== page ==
Clipboard icon. This link bypasses navigation taking you directly to the contents of this page.

 

How to Use
the Readings

 

Inquiry Question

Historical Context

Maps

Reading 1
Reading 3

Images

Activities

Table of
Contents




Determining the Facts

Reading 2: The Army of the West

The mid-1840s was a period of intense expansionism in the United States. Many Americans succumbed to the view that the country's "manifest destiny" was "to overspread and to possess the whole of the continent which Providence has given us for the development of the great experiment of liberty and federated self-government entrusted to us."1 The principal obstacles to these ambitious plans were Mexico's northern provinces.

Texas had declared its independence in 1836 and successfully defended that independence at the decisive Battle of San Jacinto. The Republic of Texas, settled largely by Southerners, immediately requested admission to the United States as a slave state. Rather than risking war with Mexico and reopening the divisive question of the expansion of slavery into the territories, the government in Washington turned down the request. By 1844, ardent expansionist James Polk had been elected president on a platform calling for the annexation of Texas. In early 1845, Congress narrowly approved a joint resolution annexing Texas, which was then admitted to the Union as the 28th state.

Hoping to add Mexico's Pacific Coast ports to the United States, Polk sought first to purchase the Mexican provinces of New Mexico and California. When Mexico refused his offer, he sent American troops into an area along the Rio Grande in Texas claimed by both the U.S. and Mexico and waited. On April 25, 1846, Mexican forces tried to remove what they saw as intruders on Mexican soil. The resulting skirmish ended with the death of 11 Americans. On the basis of the shedding of "American blood on American soil," Polk declared that the U.S. and Mexico were at war.

American forces moved quickly into Mexican territory. In the summer of 1846, Stephen Watts Kearny and his 1,600-man Army of the West marched out of Fort Leavenworth, on the Missouri River, in the direction of New Mexico. Kearny elected to follow the tortuous older route of the Santa Fe Trail through the Raton Mountains. He chose the Mountain Branch for two reasons. Bent's Fort, a fortified trading post close to the Mexican border, offered a convenient base of operations, and more water was available on the Mountain Branch than on the notoriously dry Cimarron Desert in the middle of the summer. Kearny set out from Bent's Fort on August 2, followed by a train of wagons. Road crews went ahead to improve the trail through Raton Pass as best they could. The army crossed in one day with great difficulty. In many places they were forced to use ropes to raise the wagons over rocks. In the descent, the narrow trail wreaked havoc, and many wagons were destroyed.

Kearny expected armed opposition from Manuel Armijo, the provincial governor. Two thousand men were supposed to be entrenched in Apache Canyon, a narrow passage at the west end of Glorieta Pass. American traders in Santa Fe apparently convinced Armijo that resistance was useless. When Kearny's army arrived, Apache Canyon was deserted. One of Kearny's men commented that "had Armijo's heart been as stout as the wall of rock which nature gave him to aid in defense of his country, we might have sought in vain to force this passage."2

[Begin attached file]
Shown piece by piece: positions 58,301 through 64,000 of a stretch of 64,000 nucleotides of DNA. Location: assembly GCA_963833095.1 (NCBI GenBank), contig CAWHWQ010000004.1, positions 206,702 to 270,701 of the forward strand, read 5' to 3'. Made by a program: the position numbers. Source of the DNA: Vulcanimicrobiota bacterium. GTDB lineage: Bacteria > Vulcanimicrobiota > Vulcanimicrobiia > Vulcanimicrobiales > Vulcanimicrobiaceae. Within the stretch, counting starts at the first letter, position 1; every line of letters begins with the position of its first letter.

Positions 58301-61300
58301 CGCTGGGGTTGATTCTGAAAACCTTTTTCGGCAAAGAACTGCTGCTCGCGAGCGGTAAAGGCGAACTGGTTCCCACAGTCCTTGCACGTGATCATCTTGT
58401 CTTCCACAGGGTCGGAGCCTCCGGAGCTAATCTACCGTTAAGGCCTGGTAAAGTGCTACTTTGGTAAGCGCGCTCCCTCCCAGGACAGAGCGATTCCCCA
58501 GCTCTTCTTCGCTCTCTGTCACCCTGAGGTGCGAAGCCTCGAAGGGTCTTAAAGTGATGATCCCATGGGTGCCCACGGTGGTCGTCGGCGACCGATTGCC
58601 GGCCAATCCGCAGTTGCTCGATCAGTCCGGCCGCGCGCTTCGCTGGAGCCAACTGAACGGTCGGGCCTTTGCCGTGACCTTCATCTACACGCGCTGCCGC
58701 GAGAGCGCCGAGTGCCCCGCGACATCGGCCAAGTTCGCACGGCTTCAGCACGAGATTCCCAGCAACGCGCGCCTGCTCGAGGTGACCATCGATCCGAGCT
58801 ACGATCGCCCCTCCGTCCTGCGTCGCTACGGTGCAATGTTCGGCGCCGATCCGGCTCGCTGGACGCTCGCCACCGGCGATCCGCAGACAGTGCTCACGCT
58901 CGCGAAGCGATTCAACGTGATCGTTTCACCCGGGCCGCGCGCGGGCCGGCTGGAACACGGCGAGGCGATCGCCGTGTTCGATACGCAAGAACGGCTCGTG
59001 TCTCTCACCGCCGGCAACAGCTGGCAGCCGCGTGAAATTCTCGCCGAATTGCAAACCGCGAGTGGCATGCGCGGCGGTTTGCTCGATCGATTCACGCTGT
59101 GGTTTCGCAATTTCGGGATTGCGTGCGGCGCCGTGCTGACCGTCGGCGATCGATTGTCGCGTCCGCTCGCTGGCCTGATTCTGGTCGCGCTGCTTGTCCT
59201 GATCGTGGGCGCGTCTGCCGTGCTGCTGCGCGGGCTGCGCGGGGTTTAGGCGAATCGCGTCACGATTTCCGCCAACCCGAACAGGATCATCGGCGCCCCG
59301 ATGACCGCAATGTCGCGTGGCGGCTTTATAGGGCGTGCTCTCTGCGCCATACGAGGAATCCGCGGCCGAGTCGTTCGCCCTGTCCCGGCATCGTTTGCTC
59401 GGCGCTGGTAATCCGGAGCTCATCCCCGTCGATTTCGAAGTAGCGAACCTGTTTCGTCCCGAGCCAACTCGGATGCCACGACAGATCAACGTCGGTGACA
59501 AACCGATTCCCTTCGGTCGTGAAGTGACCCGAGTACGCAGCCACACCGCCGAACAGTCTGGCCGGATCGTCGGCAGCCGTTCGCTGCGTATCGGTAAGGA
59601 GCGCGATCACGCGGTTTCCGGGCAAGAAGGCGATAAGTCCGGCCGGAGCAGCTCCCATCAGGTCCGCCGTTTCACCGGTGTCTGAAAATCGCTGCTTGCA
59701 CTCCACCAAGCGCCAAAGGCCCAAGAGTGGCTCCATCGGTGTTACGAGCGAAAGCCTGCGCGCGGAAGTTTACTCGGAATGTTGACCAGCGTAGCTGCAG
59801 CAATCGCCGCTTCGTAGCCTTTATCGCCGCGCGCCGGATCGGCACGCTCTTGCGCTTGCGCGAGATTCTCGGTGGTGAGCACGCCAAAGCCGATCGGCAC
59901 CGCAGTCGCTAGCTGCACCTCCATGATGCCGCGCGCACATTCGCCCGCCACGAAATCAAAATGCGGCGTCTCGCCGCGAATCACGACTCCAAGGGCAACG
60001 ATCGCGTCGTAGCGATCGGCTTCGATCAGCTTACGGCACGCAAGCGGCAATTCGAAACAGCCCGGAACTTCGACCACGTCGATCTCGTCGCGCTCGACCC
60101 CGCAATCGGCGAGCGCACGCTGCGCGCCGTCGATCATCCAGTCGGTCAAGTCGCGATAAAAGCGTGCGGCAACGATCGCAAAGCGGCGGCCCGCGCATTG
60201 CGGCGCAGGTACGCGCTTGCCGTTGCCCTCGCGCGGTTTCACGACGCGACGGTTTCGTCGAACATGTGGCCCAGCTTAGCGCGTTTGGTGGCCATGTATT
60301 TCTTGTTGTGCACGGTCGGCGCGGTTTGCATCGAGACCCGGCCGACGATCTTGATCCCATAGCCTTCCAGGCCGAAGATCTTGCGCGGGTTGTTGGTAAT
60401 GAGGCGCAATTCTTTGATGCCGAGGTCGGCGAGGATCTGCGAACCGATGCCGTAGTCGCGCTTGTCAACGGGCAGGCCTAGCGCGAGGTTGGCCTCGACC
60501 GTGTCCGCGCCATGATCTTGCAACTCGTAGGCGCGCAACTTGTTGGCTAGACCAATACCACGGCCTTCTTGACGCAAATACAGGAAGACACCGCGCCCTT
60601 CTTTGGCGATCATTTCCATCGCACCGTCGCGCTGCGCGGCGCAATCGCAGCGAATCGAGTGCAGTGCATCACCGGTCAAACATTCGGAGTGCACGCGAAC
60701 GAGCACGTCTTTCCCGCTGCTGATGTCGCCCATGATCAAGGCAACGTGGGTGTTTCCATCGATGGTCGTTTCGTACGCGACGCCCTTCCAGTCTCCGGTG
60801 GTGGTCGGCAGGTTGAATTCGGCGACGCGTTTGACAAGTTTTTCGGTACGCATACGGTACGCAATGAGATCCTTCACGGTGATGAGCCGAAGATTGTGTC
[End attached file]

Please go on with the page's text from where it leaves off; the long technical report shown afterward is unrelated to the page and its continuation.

Kearny captured Santa Fe without a struggle and proclaimed the annexation of New Mexico. The Army of the West moved on to California. A brief rebellion that killed the newly appointed governor and other Americans in Taos was quickly put down. New Mexico, which included the present state of Arizona, continued under military rule until 1851, when it gained territorial status as part of the Compromise of 1850.

By 1848, the U.S. Army had occupied Mexico City and the Mexican War was over. In the Treaty of Guadalupe-Hidalgo, Mexico ceded to the United States more than 900,000 square miles. The American government paid $15 million in exchange and agreed to take over all claims by American citizens against Mexico. Five years later, Mexico agreed to sell the United States an additional strip of land along the Gila River for $10 million. With the Gadsden Purchase, the present-day boundaries of the United States were complete, but the fierce debates about the War and about the possible extension of slavery into the new territories had sharpened sectional antagonisms that threatened to tear the country apart.

Questions for Reading 2

1. What were the causes of the Mexican War?

2. Why did Gen. Kearny decide to travel through Raton Pass?

3. What did Kearny expect in Apache Canyon? What actually happened?

4. What effect did the territorial expansion resulting from the war have on the United States?

Reading 2 was adapted from Richard Greenwood, "Raton Pass" (Las Animas County, Colorado, and Colfax County, New Mexico) National Historic Landmark Nomination Form, Washington, D.C.: U.S. Department of the Interior, National Park Service, 1975; and William E. Brown, The Santa Fe Trail: National Park Service 1963 Historic Sites Survey (St. Louis, MO: The Patrice Press, 1988).

1 John L. O'Sullivan, New York Morning News, Dec. 7, 1845; cited in Ray Allen Billington, The Far Western Frontier: 1830-1860 (1956; reprint, New York: Harper and Row reprint edition, 1962), 149.
2 Frank S. Edwards, A Campaign in New Mexico with Colonel Doniphan (Philadelphia, 1847), 44-45; cited in Billington, The Far West Frontier, 180.

Continue

Comments or Questions

TCP
National Park Service arrowhead with link to NPS website.